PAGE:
Yesterday: Clouds built through the day, with increasing winds in the afternoon. All of the exciting action happened overnight, with 4-6” snow in Girdwood, Turnagain Pass, and Summit; 8-10” in Portage and Placer, and 12” in Seward. Winds peaked overnight with sustained speeds of 20-35 mph and gusts of 40-60 mph out of the east, and have since switched westerly at 10-20 mph.
Today: We might see another inch of snow this morning before this round passes, with clouds breaking up later in the day an a good chance of sun this afternoon. Temperatures will stay cold today, with highs in the single digits F and overnight temperatures hovering in the single digits to low teens F. Winds will back down during the day, from around 10-20 mph out of the west this morning to 5-10 mph out of the south this afternoon.
Tomorrow: Skies should be partly cloudy tomorrow with a chance for some light snow showers that might bring an inch of snow. Temperatures will stay in the single digits to low teens F during the day, dropping to the single digits above and below zero overnight. Winds should be light out of the west to northwest. Head’s up Seward- it’s looing like you could see another 8-10” snow tonight into tomorrow, with stronger winds during the day.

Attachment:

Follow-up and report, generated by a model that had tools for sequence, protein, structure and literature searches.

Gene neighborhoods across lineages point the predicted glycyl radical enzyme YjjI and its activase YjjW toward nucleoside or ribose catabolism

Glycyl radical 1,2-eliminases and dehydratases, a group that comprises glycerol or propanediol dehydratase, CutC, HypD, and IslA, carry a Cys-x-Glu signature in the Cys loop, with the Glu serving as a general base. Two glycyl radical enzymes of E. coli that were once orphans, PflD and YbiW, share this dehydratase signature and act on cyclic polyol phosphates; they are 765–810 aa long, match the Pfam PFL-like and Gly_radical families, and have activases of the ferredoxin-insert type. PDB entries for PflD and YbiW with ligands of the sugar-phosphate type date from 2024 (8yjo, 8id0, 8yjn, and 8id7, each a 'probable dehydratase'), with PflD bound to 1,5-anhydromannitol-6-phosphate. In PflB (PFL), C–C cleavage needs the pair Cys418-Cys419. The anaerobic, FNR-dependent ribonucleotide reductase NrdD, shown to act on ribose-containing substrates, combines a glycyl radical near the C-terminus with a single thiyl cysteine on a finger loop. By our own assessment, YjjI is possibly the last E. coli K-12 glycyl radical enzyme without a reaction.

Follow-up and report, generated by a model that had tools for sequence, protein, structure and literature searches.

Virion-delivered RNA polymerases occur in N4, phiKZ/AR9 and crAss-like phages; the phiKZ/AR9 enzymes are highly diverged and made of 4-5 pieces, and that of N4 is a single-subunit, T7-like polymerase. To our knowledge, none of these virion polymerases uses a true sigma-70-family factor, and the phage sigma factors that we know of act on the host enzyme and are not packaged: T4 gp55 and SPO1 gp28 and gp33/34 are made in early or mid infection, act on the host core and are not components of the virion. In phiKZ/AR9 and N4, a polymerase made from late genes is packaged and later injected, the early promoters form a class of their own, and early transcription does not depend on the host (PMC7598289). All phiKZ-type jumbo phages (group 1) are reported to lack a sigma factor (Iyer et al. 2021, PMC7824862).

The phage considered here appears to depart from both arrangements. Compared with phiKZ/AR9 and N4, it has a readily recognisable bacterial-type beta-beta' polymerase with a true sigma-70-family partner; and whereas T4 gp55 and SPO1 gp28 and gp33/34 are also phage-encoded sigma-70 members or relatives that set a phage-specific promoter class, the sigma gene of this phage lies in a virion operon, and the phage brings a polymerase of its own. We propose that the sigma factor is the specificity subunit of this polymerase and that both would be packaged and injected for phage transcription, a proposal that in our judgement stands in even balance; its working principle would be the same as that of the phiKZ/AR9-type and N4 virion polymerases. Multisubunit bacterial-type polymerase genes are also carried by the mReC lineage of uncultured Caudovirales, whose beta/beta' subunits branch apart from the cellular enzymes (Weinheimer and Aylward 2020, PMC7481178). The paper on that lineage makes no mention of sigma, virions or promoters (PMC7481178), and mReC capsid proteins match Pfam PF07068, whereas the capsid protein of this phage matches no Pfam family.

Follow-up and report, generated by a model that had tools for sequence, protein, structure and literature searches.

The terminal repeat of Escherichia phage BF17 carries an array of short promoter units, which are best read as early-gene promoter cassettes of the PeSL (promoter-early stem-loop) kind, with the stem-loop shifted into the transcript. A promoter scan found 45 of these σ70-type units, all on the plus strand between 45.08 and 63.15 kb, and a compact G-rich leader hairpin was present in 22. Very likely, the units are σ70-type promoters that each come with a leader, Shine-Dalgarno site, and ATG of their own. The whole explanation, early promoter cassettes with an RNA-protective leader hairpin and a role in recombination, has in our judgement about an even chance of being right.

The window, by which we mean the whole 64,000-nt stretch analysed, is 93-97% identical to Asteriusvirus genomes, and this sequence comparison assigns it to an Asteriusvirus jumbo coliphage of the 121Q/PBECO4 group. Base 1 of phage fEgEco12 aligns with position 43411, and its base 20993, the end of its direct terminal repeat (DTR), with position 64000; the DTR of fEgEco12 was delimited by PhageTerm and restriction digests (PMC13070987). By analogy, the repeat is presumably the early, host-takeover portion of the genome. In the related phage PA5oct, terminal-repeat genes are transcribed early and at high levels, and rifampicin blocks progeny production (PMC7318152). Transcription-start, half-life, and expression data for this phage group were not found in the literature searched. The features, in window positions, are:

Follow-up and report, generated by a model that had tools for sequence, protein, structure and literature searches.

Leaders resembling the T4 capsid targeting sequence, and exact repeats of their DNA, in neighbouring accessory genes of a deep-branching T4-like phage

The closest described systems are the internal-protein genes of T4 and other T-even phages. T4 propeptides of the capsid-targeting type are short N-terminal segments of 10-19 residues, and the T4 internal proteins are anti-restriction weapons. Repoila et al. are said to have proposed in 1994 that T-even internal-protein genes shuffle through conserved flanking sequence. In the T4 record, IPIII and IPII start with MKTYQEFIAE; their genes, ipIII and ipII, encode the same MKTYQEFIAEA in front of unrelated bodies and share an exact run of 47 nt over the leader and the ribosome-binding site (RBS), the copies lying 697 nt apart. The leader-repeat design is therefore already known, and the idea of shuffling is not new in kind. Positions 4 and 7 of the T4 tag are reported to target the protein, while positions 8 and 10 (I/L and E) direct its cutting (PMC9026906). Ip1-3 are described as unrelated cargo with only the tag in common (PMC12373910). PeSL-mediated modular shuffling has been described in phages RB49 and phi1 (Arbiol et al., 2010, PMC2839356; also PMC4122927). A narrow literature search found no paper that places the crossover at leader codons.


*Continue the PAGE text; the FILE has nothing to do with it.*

PRECIPITATION 24-hour data (6am – 6am)
|Temp Avg (F)
|Snow Depth (in)
|Center Ridge (1880′)
|Summit Lake (1400′)
|Alyeska Mid (1700′)
|Bear Valley – Portage (132′)
RIDGETOP 24-hour data (6am – 6am)
|Temp Avg (F)
|Wind Avg (mph)
|Wind Gust (mph)
|Seattle Ridge (2400′)
|Observation: TinCan Backdoor/ Center Ridge
|AAS L1 Turnagain
|Avalanche: Lynx Creek
|Observation: Turnagain, Seattle, Mt Ascension
|Silverton Mountain Guides
|Observation: Tincan Trees
|Dalpes/Thamm/ Schauer Forecaster
|Observation: Seward Highway across from Johnson Pass TH
|Avalanche: Base of Seattle Ridge
|Troy Tempel, Thomas Lees, .Josh Bollaert, Damian Naquin
|Observation: Lynx creek
|Observation: Tincan Trees
|Moderow / Clayton